we're sorry but nobody is home. please leave a message 6.10.2005

Well howdy from el pueblo de Toledo, Espana.

First, the bad stuff. Traveling from the United States took forever--roughly 20 hours of sitting in (alternately) cars, airports, planes, more airports, and standing in line at "Control de Pasaporte" where a seemingly unfriendly man scowed at my wife's and my passports, and decided against his better judgement to allow us into the country of Spain. But, if his expression was any sign, he was letting us off easy this time, and don't expect to get a chance to enter the country again next time looking like we did.

Then to the baggage claim area--only to have just one of our bags show up. Mine. My wife's bag--well, after waiting about an hour, then the ramp stopped moving, then a guy gathered up all of the remaining bags, and there we were standing, missing a bag.

Along with a few dozen other folks.

So we all, in bits and pieces, wound up in the far corner at Iberia's baggage claim/missing luggage area, where we managed through fits of my crappy espanol and their much better english to sort a claim. After waiting in line for something like an hour. And then to the rental car--which I asked to extend an additional day, only to learn that we had stood in line for so long waiting for baggage claim that the 13 days we had rented the car for will cover the period nicely. (Apparently we had rented 13 days with the proviso we return the car in less than 13 times 24 hours--an hour over that would turn into 14 days, and we were spending about 13 days, two hours in Spain. And two of those were in passport control, baggage check, and filing a lost baggage claim form.)

By the way, the hour filing the claim was well worth it: we got to tell the airline which hotel we were staying in. Without that information the would have had to ship the bag back to Los Angeles. But with that information--the good news is just as we were coming back from shopping this morning (it's now Friday around 2:00pm local time as I type this), the bag showed up at hour hotel, and housekeeping placed it in our room.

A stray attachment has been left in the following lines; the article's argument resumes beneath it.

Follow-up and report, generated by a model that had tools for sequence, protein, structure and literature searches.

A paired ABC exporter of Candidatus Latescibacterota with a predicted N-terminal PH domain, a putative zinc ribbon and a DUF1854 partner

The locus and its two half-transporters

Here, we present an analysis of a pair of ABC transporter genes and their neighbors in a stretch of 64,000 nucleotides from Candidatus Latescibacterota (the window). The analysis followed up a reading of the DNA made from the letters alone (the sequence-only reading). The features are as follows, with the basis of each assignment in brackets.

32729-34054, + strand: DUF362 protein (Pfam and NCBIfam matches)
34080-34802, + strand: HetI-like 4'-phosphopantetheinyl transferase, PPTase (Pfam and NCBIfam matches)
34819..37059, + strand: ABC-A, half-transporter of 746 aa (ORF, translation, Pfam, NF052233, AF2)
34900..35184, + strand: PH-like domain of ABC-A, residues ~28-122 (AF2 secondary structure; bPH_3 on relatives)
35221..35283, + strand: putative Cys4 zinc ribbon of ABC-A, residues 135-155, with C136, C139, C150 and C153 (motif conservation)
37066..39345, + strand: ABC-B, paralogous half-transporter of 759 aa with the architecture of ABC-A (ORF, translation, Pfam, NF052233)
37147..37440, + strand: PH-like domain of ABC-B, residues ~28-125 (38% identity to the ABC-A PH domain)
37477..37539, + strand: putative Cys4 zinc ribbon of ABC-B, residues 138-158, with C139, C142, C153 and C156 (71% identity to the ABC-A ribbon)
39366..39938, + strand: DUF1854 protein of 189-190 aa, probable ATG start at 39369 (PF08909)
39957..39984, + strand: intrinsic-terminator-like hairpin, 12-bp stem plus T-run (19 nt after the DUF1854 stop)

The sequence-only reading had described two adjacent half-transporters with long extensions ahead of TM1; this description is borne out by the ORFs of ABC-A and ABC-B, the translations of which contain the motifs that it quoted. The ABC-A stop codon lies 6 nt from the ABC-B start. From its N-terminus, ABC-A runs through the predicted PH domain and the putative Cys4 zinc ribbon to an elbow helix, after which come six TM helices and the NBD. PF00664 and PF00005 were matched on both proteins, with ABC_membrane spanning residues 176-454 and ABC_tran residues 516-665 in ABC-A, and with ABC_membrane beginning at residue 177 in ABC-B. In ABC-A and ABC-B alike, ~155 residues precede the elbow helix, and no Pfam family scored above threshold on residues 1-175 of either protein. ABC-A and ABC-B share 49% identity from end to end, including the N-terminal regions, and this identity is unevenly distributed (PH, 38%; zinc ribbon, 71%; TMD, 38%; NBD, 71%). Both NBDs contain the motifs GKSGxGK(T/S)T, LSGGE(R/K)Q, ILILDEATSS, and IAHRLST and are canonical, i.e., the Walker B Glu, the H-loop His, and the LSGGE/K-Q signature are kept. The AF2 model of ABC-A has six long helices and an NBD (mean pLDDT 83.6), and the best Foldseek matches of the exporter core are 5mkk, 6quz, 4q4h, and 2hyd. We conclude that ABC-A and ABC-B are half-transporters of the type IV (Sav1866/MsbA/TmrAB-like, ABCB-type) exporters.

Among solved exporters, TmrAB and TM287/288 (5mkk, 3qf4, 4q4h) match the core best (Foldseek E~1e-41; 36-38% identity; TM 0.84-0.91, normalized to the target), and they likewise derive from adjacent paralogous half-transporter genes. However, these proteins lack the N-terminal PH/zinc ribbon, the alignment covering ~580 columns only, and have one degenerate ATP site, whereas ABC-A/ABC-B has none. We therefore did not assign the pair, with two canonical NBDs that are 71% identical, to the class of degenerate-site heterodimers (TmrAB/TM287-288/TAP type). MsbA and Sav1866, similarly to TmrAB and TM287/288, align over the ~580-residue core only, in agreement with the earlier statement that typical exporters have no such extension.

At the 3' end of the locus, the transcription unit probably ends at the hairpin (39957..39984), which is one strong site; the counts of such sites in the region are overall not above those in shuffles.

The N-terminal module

While looking for clothes shops last night, my wife and I did manage to scope out the shopping districts in Toledo. ("You are lost in a twisty, winding maze without a clue where you are. Behind you there is a noise. Maybe it's a Grue, waiting to eat you.")

By the way, while shopping in Toledo, you'll notice (as we did) that every damned shop here has swords. Every gift shop has swords. There are sword specialty stores. We're talking alleys full of sword stores. Hell, it seems like they carry swords at the McDonalds here. (Yes, there is a McDonalds. For Deb and I, it's a landmark; it's in the Zocodover Plaza, at the head of Commerce street.) But what is most interesting in Toledo is the art of making hand-crafted plates of hammered steel, bathed in acid and covered with very fine designs of hammered 24 caret gold, 18 caret gold and silver, all done by hand. (The 24 caret gold tarnishes to a light green, giving a three-dimensional effect.) We bought two of them.

I've got pictures; as soon as I get a chance I'll post a few. But until then, adios y hasta luego!

posted by William Woody at 5:09 AM

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A moderate conservative living in the left coast, surrounded by the sureal, wonders if there is a sane life living amongst those who have lost touch with reality.

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